The Facebook OS!!
A very pertinent question:
If you’re using Facebook messenger instead of texts, messages instead of email, events instead of a calendar app, voice messaging instead of a phone call, Instagram instead of your camera app, searching for nearby restaurants using Graph Search instead of a native maps app and discovering additional mobile experiences in the Facebook app store, does Android or iOS really own your experience on your mobile device?
No, you’re essentially using the Facebook operating system–it’s just packed inside a handful of apps.
Already Facebook has 680 million mobile users, more than either Android or iOS. Google and Apple have made it pretty easy for the company to wheel its Trojan horse into their devices. An integration with iOS 6 syncs calendar appointments and contacts and allows posting to Facebook from outside the app. Android is such an open environment so, as Zuckerberg put it, “Even though our relationship with Google isn’t one where the companies really talk, we are able to do a bunch of things that they have an open platform that lets us get deep into the platform.”
Instead of competing with other device makers and operating systems, Facebook has based its strategy on infiltrating the entire mobile experience from inside its apps. Apple and Google might still control the buttons, the app downloads, and the swiping signals, but Facebook is on the way to controlling what it cares about–their users’ time.
According to Comscore, Facebook already owns 23% of time spent in apps on Android and iOS. It also owns Instagram, one of the apps with which mobile users spend the second most amount of time (it’s tied with Gmail and YouTube at 3%). The more time the company controls on its competitors’ phones, the less important it is that it doesn’t have its own devices.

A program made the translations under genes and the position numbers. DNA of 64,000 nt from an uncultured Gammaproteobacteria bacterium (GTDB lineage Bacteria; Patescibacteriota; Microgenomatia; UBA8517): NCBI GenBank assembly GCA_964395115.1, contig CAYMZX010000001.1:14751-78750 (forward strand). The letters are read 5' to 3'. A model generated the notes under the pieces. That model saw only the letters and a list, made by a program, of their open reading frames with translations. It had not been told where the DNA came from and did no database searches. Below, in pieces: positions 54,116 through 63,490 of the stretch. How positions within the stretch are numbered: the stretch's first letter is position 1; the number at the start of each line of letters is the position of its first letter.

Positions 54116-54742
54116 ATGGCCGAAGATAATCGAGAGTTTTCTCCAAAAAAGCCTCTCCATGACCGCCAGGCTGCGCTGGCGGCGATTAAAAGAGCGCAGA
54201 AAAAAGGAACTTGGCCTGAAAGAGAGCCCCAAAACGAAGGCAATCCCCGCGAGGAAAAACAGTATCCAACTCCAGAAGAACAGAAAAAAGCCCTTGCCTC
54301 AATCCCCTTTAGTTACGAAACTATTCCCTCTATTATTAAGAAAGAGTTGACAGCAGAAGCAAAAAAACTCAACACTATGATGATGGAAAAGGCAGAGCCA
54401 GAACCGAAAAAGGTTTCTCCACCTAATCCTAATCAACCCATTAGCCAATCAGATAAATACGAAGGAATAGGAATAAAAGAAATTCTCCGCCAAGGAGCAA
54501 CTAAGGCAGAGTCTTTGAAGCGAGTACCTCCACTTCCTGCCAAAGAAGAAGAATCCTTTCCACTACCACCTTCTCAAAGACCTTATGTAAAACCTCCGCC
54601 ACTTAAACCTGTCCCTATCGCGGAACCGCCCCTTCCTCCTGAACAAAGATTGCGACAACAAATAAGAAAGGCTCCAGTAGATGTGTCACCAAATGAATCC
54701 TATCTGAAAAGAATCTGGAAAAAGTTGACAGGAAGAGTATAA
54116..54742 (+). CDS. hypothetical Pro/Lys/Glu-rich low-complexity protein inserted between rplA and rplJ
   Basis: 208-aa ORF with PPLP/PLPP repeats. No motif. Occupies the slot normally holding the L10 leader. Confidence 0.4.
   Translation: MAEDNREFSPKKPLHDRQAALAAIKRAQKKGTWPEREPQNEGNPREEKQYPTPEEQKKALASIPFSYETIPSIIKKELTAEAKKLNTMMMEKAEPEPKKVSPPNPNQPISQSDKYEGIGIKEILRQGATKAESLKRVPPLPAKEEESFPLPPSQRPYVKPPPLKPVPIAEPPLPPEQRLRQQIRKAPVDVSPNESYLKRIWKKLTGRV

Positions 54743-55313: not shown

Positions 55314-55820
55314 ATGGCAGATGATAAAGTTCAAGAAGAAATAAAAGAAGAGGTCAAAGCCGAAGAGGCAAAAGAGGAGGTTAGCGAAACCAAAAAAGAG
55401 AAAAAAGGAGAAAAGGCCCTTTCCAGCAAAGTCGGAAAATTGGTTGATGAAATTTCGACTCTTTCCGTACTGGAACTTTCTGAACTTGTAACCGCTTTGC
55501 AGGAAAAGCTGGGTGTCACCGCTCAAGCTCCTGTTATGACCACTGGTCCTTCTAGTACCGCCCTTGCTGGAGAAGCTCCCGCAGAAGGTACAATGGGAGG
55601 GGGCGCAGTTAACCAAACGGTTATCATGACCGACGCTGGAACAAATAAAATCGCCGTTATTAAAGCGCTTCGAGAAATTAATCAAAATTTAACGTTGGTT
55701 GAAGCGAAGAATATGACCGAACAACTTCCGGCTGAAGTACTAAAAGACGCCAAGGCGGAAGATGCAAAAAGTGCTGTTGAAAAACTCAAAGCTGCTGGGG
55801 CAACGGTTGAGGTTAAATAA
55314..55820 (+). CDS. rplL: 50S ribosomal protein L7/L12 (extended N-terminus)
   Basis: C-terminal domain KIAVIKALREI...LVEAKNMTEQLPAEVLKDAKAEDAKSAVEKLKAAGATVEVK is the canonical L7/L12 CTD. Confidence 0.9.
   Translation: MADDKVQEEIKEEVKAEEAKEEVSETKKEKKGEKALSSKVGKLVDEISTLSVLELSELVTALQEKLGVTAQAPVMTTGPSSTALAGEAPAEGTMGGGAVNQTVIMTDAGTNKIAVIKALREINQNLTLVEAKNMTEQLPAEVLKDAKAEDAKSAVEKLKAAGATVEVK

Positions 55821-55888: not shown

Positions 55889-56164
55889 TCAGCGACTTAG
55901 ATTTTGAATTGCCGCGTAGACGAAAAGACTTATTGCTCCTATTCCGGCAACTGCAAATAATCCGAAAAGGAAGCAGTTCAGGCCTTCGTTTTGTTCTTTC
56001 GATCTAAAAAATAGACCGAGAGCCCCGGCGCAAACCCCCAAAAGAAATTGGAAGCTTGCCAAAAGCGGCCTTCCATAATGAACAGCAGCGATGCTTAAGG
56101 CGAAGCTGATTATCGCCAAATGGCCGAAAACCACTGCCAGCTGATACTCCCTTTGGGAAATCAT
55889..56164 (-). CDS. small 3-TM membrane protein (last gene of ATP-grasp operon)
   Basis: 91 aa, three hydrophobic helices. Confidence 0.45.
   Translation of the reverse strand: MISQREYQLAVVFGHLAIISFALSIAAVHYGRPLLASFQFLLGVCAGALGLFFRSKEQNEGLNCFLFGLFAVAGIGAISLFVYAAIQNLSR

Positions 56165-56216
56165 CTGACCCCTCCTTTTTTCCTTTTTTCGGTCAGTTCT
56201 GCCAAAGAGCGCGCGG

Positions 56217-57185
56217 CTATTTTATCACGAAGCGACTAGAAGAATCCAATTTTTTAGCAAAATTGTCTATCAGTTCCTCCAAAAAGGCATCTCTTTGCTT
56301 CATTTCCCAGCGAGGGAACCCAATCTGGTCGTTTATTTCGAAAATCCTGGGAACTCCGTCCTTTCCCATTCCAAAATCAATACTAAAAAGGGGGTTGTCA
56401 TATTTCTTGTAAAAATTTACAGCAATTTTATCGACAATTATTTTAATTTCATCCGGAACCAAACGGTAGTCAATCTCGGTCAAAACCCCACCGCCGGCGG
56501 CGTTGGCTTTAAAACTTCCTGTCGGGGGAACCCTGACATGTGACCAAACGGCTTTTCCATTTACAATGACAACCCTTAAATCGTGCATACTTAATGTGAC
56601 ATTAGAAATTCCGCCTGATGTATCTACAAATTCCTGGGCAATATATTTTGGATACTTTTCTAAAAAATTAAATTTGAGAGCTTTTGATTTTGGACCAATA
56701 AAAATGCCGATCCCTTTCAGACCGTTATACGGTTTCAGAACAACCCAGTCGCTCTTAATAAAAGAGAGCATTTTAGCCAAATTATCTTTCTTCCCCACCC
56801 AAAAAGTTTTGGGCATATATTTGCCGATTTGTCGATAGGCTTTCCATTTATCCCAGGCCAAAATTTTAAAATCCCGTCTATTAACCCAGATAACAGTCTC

Over the last couple of years, Facebook has packed its mobile apps with much of the same functionality as operating systems like Google’s Android, Apple’s iOS, or Amazon’s version of Android for Kindle Fire. It has not, however, launched the Facebook phone that once seemed inevitable.
That’s because your phone already is a Facebook phone. Android, Apple, whatever–with a strategy to make Facebook tools the go-to apps for everyday mobile living, the device type doesn’t matter.
The Facebook OS:
Text Messages: Facebook Messenger, a standalone instant messaging app, provides text-message like capabilities on Android, BlackBerry, and iPhone.
Photos: Facebook owns Instagram, the most dominant camera app across app stores.
Calendar: Facebook added a calendar view to Events last July.
Voice Calling: Facebook’s messenger app provides free voice calling and messaging for users in the U.S.
App Store: Facebook’s App Center includes Facebook web apps, iOS apps, and Android apps.
Search: Facebook Graph, which is still in beta, has potential to answer common mobile queries such as “restaurants nearby.”